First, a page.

Block on Trump's Asylum Ban Upheld by Supreme Court
Last week, the Food and Drug Administration issued multiple warning letters to the manufacturers of several unapproved, deceptively advertised, alleged 'cancer treatments.' The warning letters were issued alongside a public notice which warned consumers of the dangers of buying non-FDA approved products that claim to cure cancer.
Particularly worth noting is that the FDA's warning to consumers advised individuals to be wary of social media advertisements for cancer treatments, particularly if there is not a clear indication that the product has received FDA approval for their claims. The FDA noted a rise in social media advertising for these false cures. Additionally, the warning advised that individuals seeking cancer treatment, or prevention, should seek advice from medical doctors before beginning any course of treatment or action.
Red Flags for Consumers
While it may seem surprising, whether the pills are being sold on gas station counters, or during late night television infomercials, there are consumers out there that will buy those weird pills that promise to do all sorts of seemingly unbelievable things. From male enhancement to curing cancer, there's no end to what snake oil salesmen will promise if it gets them closer to a sale.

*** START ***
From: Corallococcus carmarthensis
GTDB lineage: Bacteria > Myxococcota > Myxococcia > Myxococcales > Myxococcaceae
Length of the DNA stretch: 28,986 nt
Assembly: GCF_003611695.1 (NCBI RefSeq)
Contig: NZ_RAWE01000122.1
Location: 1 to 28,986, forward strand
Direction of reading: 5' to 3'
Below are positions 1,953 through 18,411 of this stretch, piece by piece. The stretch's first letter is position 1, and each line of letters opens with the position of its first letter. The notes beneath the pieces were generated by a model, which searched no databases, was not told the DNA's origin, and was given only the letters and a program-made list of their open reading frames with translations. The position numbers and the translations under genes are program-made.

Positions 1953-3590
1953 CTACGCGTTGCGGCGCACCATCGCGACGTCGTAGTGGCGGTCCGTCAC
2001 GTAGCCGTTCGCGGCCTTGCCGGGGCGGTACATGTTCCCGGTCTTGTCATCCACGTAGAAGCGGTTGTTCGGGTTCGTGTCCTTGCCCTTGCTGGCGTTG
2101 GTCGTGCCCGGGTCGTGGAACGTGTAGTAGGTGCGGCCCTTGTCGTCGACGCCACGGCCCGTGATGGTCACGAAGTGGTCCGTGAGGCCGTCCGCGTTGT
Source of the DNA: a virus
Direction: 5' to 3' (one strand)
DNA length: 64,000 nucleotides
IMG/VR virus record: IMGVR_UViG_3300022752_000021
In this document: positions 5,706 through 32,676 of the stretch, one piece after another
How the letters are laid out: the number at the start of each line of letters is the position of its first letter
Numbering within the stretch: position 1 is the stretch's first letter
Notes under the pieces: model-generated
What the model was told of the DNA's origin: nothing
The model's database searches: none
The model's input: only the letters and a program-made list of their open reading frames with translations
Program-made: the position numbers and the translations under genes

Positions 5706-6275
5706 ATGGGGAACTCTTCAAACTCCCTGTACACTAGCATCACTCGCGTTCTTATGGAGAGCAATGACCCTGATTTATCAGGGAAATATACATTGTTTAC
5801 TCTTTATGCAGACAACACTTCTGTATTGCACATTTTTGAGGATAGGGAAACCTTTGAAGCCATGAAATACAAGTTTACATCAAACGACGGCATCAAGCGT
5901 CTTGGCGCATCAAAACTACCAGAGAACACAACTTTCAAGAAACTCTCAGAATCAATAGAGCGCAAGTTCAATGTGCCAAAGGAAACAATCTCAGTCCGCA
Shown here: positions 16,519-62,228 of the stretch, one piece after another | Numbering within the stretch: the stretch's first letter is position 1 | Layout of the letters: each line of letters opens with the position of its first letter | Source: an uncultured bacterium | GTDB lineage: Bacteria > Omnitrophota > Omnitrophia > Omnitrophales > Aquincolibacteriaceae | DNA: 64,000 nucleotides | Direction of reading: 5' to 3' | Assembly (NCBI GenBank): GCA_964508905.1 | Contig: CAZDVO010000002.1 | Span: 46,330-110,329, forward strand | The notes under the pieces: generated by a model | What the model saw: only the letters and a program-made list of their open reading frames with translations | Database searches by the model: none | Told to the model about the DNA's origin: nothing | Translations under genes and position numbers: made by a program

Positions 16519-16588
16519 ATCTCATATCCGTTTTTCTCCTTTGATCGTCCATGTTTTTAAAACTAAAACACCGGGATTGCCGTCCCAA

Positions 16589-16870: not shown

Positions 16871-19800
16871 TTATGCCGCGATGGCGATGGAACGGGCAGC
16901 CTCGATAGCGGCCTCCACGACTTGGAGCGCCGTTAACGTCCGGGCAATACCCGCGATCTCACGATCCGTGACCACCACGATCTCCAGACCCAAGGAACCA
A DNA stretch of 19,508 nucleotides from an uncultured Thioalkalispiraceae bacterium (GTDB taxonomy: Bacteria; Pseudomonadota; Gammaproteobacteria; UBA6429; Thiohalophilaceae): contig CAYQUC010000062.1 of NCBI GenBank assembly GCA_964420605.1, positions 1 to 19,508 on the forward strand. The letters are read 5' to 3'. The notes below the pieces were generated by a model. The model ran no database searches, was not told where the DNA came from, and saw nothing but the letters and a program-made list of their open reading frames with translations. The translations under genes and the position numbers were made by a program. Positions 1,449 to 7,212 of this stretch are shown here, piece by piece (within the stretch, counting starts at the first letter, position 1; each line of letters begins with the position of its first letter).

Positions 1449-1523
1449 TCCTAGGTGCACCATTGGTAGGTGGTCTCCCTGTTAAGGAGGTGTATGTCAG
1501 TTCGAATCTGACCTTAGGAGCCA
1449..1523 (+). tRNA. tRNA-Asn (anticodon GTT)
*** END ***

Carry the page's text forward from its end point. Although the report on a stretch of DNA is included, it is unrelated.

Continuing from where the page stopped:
The FDA explained that there should be clear red flags that go up in a consumer's mind whenever they hear or see the following specific phrases on OTC product/drug or website with or without mention of FDA approval:
When it comes to other false cure, or false hope, promising drugs and products, the FDA warns that similar tactics are used.
Companies Warned to Correct Course or Face Legal Action
The FDA's message was rather strong and deliberate. The companies issued these warnings were told to clear up the problems listed in the warnings, which mainly deal with removing any claims of their products' effectiveness at fighting cancer or other ailments. If a company fails to comply with the warnings issued by the FDA, legal action could involve seizing the actual products, fines, and potentially even criminal penalties.